And per Baseball-Reference’s Wins Probability Added (WPA)- which tries measure a player’s contribution to winning based on each specific play- his career-worst 0.1 WPA this season shows he’s no longer the clutch performer we’ve grown accustomed to seeing. He’s thrown 19.2 innings that qualify as “high-leverage”, posting a 7.32 ERA in them.
Whether it’s all mental, physical, or a bit of both, Jansen’s off, and dare we say washed? His confidence looks shook, in turn, lowering the fans’ confidence in him. And while the team hasn’t come out and said it, it’s hard to imagine they trust him to be the same rock as in the past.
No more eight-inning games, per se, because Jansen was a lock to shut down the ninth. No more stretching him out over an inning because of the risk something disastrous happening. Instead, close games with Jansen on the mound have become emotional roller coasters.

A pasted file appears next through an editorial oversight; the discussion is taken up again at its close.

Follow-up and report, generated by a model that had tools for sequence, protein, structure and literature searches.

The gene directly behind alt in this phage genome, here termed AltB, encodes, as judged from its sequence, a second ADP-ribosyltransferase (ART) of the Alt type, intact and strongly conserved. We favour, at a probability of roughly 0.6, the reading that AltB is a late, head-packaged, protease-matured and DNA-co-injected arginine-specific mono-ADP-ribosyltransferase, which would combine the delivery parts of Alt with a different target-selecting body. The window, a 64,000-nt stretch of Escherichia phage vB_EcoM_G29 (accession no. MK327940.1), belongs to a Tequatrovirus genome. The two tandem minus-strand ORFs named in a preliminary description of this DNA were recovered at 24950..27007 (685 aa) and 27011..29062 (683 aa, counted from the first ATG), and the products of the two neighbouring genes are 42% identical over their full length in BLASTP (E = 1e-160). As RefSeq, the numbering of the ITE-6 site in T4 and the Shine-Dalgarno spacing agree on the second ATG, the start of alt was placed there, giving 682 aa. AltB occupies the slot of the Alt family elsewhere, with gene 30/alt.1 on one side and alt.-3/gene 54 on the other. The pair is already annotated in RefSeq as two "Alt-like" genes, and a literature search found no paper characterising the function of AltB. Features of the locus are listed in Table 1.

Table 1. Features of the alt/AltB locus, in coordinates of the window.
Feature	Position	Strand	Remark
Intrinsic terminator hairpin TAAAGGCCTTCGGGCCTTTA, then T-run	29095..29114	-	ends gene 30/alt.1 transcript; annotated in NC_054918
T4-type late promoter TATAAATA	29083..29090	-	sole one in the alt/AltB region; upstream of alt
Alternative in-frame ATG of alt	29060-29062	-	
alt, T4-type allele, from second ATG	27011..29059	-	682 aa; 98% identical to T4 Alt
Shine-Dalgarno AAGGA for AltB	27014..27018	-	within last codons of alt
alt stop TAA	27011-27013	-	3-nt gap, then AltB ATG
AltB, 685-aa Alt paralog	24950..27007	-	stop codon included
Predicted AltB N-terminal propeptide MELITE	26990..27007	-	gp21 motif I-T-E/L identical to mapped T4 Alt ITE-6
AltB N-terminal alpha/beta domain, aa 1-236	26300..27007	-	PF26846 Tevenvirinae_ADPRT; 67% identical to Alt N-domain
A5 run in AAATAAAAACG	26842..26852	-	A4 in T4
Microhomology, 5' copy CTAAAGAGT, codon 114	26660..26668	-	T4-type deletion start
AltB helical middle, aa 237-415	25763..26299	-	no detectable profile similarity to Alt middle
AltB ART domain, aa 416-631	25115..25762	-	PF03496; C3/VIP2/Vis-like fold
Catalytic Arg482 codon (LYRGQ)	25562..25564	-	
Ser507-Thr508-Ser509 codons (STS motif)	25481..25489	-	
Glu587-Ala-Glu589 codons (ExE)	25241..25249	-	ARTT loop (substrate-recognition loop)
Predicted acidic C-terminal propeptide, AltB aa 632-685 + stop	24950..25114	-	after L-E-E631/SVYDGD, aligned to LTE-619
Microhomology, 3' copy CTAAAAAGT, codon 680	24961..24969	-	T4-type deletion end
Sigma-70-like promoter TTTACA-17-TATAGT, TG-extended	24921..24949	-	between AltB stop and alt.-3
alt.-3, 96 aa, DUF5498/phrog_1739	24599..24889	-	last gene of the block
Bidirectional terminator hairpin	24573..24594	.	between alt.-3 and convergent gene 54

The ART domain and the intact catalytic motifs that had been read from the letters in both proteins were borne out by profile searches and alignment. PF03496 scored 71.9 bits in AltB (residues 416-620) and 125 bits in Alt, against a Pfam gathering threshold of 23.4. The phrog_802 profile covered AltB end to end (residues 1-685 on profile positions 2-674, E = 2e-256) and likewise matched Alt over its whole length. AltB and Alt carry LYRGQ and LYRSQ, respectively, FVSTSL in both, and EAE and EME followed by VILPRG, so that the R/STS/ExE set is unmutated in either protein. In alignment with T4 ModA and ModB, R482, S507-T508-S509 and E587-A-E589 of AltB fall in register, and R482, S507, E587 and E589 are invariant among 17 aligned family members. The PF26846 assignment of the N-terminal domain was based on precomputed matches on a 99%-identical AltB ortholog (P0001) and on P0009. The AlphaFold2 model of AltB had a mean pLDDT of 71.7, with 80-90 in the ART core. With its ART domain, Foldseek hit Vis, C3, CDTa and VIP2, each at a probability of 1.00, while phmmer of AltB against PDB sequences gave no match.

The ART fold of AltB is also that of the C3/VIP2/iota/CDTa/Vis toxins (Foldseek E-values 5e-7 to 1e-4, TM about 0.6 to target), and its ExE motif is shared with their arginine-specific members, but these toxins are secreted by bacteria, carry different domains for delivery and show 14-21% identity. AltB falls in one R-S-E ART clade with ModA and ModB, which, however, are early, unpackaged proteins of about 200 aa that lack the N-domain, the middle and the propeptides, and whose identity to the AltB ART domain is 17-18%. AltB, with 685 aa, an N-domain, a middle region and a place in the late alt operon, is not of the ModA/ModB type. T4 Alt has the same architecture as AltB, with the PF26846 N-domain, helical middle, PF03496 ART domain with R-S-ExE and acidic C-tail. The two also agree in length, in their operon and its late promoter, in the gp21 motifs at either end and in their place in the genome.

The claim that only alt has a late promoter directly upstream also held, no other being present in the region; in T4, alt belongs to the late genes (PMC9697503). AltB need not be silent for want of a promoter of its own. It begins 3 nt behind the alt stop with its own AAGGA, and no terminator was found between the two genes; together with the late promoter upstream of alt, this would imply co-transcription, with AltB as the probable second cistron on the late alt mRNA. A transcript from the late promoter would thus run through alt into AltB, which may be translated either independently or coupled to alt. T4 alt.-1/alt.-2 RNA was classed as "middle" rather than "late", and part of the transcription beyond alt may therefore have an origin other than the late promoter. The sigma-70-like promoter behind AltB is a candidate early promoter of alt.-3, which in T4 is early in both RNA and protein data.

After all the talk of lacking someone reliable enough to get the ball to him, who’d have thought that Jansen, and not the bridge to him, would be the Achilles heel of the bullpen, and the entire team for that matter? And who’d have foreseen legitimate discussion regarding a change in closers?
That said, it’s hard to see the Dodgers making a move anytime soon, but when is enough, enough? Relievers have small margins for errors, and the longtime closer is continually pushing its limits or going beyond them.
It’s best if they experiment by giving opportunities to the arms that are performing to see what they have. All while giving Jansen a mental breather in the lower-leverage situations in hopes of getting his groove back. And it isn’t like there aren’t any options.